Saw the concert in front of the Lincoln Memorial. Excellent performances and all of us jammed into a huge crowd with people all talking to each other.

Washington DC Lively Statues

What do you think of when you think of DC’s statues and monuments?

guys on horses, abstract war memorials, the Mall?

In the days when they built most of the men on horses statues it was commonly thought that viewers would have the same reaction of thankfulness for heroic men and their heroic deeds.  They didn’t and now one wonders what visitors and residents of the capital city think when they pass another mounted warrior?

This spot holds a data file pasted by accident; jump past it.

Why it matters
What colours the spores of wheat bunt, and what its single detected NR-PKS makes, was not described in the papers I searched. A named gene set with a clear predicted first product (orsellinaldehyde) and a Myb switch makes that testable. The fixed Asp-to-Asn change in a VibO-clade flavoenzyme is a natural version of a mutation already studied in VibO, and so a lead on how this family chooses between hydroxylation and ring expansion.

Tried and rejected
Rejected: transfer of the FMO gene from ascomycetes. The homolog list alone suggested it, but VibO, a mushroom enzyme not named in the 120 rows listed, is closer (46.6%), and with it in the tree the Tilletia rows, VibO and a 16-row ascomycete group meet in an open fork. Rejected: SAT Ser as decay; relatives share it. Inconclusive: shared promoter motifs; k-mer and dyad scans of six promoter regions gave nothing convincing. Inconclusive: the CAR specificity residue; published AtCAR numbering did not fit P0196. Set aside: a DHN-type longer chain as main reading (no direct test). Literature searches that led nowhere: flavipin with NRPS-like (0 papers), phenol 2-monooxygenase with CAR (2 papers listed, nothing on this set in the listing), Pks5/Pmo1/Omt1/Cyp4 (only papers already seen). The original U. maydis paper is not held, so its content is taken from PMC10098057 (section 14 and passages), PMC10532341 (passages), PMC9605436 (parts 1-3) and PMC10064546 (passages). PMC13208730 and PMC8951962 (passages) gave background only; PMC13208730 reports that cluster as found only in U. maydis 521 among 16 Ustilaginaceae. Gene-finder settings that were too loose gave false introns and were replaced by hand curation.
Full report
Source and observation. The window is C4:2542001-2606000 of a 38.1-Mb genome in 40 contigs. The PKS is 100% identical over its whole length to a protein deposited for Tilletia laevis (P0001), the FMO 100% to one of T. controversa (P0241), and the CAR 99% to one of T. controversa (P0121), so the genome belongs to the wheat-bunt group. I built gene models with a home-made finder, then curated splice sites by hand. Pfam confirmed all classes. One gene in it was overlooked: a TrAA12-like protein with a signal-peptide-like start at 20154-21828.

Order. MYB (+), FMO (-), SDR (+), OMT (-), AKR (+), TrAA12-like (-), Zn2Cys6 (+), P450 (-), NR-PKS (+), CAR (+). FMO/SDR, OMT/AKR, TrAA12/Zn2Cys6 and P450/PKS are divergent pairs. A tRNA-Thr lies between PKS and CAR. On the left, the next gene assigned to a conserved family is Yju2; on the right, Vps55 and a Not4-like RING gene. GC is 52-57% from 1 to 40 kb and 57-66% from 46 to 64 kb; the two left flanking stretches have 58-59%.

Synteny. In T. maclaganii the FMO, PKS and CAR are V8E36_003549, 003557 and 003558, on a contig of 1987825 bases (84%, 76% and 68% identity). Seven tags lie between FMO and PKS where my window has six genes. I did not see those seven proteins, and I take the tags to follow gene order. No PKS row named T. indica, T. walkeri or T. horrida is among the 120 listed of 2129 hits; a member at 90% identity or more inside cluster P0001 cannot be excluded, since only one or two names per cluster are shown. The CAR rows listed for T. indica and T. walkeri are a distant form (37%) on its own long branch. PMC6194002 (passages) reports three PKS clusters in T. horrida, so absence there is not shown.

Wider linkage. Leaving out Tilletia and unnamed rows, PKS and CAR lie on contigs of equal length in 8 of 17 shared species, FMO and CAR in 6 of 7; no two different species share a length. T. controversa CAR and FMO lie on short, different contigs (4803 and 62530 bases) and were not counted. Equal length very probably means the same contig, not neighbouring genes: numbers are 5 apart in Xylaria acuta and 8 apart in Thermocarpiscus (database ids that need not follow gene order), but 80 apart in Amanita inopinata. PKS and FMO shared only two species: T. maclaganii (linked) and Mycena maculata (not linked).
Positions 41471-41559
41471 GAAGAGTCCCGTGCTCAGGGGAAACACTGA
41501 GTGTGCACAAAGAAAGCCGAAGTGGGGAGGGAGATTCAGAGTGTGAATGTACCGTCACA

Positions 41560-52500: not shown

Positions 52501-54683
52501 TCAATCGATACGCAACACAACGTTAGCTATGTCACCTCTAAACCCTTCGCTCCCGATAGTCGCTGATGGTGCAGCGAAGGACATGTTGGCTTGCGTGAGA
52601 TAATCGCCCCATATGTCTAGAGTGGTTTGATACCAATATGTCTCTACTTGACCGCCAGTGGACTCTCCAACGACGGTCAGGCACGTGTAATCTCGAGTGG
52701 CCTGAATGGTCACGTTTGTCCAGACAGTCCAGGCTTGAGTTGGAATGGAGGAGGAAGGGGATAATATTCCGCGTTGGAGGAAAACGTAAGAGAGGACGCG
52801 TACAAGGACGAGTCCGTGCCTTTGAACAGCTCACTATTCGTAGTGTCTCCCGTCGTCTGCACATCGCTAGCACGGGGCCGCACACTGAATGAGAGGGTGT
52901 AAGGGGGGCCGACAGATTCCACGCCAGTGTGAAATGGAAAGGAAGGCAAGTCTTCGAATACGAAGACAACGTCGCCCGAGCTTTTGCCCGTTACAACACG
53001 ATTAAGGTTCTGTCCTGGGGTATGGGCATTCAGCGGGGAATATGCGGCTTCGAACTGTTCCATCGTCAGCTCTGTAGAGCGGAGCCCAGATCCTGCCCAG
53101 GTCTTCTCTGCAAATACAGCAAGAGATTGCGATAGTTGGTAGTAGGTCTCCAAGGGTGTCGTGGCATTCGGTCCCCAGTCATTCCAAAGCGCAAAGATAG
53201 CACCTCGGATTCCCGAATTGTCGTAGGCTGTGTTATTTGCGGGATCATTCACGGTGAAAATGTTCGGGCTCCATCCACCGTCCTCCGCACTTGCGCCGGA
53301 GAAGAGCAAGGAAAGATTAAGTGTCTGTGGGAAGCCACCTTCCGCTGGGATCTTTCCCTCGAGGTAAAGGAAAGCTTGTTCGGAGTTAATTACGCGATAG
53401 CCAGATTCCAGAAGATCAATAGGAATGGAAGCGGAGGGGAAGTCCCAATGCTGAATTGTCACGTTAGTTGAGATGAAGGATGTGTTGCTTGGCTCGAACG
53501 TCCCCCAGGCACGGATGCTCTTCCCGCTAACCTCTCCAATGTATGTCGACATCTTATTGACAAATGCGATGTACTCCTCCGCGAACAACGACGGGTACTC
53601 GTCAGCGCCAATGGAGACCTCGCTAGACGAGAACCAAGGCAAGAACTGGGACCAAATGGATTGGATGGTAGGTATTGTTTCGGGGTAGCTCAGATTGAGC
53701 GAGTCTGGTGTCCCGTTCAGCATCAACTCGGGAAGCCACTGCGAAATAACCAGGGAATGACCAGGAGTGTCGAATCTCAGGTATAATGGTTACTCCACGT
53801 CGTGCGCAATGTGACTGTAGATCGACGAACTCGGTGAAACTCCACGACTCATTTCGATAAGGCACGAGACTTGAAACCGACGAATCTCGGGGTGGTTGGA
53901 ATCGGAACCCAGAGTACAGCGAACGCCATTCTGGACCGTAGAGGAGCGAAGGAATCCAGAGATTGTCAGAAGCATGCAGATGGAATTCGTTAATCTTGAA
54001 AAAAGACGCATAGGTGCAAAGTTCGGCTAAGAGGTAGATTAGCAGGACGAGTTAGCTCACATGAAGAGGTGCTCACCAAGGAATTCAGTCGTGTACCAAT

Sullivan’s article in Washington Post makes you think beyond warrior statues.

http://www.washingtonpost.com/wp-srv/cityguide/features/2008/Memorials-072508/gallery.html

The physician Samuel Hahnemann Memorial near Scott Circle is not as glorious as the memorial for sculptor Mirian Adams in Rock Creek Cemetery.

Courtesy of DC Cultural Tourism:

I’m glad he picked Jim Henson and Kermit and the canoe rowing in front of the Canadian Embassy as they’re both fun and very unique.

A personal favorite that I share with many a DC visitor is the Boy Scout Memorial in the President’s Park on 15th Street. Most see this as a highly homoerotic piece.